The Townsends Inlet Bridge has been closed since September for a major reconstruction project.

By Donald Wittkowski

In the first bit of encouraging news in months, the reconstruction project for the Townsends Inlet Bridge connecting Sea Isle City with Avalon is now progressing better than expected and the span may reopen as soon as July 30, Cape May County announced Friday. 

Closed since last September for an $8.6 million repair project, the 80-year-old bridge was originally supposed to reopen before Memorial Day weekend. However, the county disclosed in March that construction delays would push back the completion date until sometime in “late summer.” 

The announcement Friday clarified the late summer timetable to specify that July 30 is now the target date to reopen. Favorable weather has helped construction crews finish a number of critical parts of the project and work “has progressed better than projected,” the county said in a statement. 

“As a result of this progress, we anticipate being able to open the bridge earlier than late summer as initially projected.” The statement said. “Currently, we project a probable opening date to be on or about July 30. While we have a reasonable level of confidence supporting this earlier date, there remain a number of critical construction activities to be completed in the next three weeks that could have an impact on the final completion date.” 

Sea Isle Mayor Leonard Desiderio, who also serves as a Cape May County freeholder, welcomed the latest news about the bridge, but tempered his optimism. He pointed out that the original deadline of May 22 for completing the bridge work was missed, so the revised timetable of July 30 should be greeted with some caution. 

“I’m very happy to hear this, but seeing is believing,” Desiderio said. “I’m not going to get too excited until we get down the stretch and see if July 30 is for real.” 

He added that he has been receiving regular reports about the bridge work from fellow Freeholder Will Morey, who remains optimistic that the project is back on track.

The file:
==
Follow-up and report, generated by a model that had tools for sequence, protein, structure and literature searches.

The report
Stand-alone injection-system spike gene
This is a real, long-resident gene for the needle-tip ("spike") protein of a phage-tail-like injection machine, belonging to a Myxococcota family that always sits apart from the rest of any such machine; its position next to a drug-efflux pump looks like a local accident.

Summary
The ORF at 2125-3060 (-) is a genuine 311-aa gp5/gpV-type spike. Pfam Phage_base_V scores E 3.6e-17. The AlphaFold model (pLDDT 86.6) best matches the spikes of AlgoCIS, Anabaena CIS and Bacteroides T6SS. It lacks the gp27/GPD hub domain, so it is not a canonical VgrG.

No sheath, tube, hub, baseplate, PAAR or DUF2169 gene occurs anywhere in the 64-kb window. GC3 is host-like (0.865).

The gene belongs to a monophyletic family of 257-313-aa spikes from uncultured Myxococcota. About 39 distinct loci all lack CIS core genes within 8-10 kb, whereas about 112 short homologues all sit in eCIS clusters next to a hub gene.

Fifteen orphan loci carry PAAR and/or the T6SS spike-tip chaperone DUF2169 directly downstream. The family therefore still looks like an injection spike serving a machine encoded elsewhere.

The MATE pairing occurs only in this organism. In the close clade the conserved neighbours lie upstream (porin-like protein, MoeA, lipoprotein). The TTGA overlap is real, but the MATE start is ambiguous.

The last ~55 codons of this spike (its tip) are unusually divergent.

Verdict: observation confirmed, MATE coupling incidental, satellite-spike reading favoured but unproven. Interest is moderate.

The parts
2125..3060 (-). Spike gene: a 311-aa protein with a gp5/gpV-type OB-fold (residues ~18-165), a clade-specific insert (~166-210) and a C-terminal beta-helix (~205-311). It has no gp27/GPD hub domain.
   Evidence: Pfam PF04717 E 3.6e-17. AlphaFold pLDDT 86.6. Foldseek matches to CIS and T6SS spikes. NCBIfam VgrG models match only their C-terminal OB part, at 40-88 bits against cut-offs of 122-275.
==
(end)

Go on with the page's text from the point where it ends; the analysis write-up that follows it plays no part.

Desiderio and Avalon Mayor Martin Pagliughi have repeatedly warned about the negative economic impact on both towns by having such a vital transportation link closed down during the height of the summer tourism season. 

“It’s going to hurt all of us,” Desiderio said. 

(Drone video of Townsends Inlet Bridge courtesy of Remington & Vernick Engineers)

Boosted by gorgeous weather, Memorial Day weekend proved to be a blockbuster start to the summer tourism season at the Jersey Shore. Desiderio, though, is worried that the bridge shutdown could discourage visitors from heading to Sea Isle and Avalon in June, when tourism usually slows down somewhat before gearing up again in July. 

With the bridge out of service, motorists must follow a lengthy detour on the Garden State Parkway or Route 9 for trips between Sea Isle and Avalon. They now have to endure about a 30-mile round-trip journey between both towns instead of taking a short hop over the bridge. 

Built in 1939, the antiquated bridge has gone through a series of shutdowns in recent years for structural repairs, maintenance work and related road construction. Estimates to build an entirely new bridge range from $105 million to $175 million, but the county does not have the money. 

The repair project underway now is designed to replace seven deteriorated spans on the Avalon side. 

Construction crews are currently focusing on completing the piers that support the bridge. If work proceeds as expected, the bridge deck should be done by June 21, the county said. Work on the final components such as the sidewalks and safety railing would follow before the bridge could reopen to traffic. 

“The county has worked cooperatively with the contractor and engineering teams in order to advance quality work as quickly and responsibly as possible,” the county’s statement said. “Additionally, we continue to explore options to consolidate the construction schedule by permitting contract work to proceed concurrently where feasible.” 

“We have also authorized acceptable changes in the methods of the work completion to accommodate our goal of reducing the remaining project schedule due to our keen awareness of the inconvenience this bridge closure has on the public and our continued focus on obtaining the earliest opening date possible,” the statement added.

A massive crane sitting on top of a barge is part of the heavy construction equipment being used to repair the bridge.